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Bloomsbury Encyclopedia of Philosophers features critical biographies of individuals who have contributed to the history of intellectual thought.

Growing each year, it currently includes over 6,500  philosophers, politicians, mathematicians, poets, economists, and scientists from North America, Britain, Ireland, and the Middle East.

New in 2019: 1,000 German, Dutch, and French thinkers 

Maurice O’Connor Drury


Maurice O’Connor Drury (1907–1976)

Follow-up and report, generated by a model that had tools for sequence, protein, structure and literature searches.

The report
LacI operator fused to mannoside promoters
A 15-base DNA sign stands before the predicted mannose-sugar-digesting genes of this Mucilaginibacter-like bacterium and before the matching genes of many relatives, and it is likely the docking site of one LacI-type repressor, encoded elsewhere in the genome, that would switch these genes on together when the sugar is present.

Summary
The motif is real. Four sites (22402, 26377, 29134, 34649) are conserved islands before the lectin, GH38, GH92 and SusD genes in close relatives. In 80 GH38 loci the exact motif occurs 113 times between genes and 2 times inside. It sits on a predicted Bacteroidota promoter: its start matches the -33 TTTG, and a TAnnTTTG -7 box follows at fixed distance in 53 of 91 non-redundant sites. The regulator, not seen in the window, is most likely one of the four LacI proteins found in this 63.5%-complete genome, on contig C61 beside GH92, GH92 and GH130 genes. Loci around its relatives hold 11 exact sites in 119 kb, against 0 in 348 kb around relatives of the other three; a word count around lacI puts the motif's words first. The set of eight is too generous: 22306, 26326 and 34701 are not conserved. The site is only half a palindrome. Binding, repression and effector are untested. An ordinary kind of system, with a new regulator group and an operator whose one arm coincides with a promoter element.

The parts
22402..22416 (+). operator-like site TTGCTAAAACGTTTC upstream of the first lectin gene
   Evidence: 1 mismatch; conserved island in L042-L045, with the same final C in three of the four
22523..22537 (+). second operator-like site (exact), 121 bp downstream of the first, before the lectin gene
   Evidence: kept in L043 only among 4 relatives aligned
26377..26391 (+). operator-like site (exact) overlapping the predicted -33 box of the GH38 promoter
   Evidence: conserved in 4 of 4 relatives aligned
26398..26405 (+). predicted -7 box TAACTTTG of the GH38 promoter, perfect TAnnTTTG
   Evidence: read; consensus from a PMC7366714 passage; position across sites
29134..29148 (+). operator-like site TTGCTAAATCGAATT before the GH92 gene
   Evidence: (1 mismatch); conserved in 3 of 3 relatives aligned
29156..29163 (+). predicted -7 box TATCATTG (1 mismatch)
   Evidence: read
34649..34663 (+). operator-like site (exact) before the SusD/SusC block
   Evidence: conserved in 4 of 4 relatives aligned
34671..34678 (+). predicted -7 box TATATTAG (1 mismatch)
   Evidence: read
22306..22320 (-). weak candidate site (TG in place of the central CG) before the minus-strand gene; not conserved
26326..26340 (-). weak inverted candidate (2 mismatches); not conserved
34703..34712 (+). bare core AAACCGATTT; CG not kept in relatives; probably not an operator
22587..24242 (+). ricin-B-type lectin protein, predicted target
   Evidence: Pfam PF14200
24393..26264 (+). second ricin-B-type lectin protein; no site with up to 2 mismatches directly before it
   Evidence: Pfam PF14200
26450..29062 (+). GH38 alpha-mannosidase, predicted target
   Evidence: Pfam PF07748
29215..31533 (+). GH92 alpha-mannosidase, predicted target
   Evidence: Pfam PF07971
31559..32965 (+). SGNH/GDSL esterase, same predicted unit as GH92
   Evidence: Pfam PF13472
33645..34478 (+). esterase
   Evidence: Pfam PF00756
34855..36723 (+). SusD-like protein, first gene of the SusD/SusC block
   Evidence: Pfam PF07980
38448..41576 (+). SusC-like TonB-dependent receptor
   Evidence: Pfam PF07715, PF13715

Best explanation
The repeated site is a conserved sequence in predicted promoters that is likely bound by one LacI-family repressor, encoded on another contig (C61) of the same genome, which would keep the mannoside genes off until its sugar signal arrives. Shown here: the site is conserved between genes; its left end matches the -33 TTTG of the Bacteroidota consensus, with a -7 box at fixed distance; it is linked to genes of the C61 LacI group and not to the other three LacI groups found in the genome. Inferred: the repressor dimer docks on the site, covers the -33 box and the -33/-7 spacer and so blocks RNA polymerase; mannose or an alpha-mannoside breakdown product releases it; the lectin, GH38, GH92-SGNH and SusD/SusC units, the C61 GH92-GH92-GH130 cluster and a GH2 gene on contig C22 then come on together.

Born in Wiltshire of Irish parents, Con Drury’s accounts of his friendship with Ludwig Wittgenstein are widely cited. Their association began in Cambridge in 1929 and continued until Wittgenstein’s death in 1951. Influenced by Wittgenstein, Drury abandoned preparations for ordination in the Anglican Church and took up studies in medicine in Dublin. He served in the Royal Army Medical Corps during World War II and afterwards returned to Ireland to specialise in psychiatry. He retained a deep interest in philosophy as evident in his extant correspondence with Rush Rhees, Wittgenstein’s literary executor, with whom he shared a special interest in religion. Drury’s book, The Danger of Words (1973), shines a Wittgensteinian light on the practice of medicine – psychiatry in particular. Read more.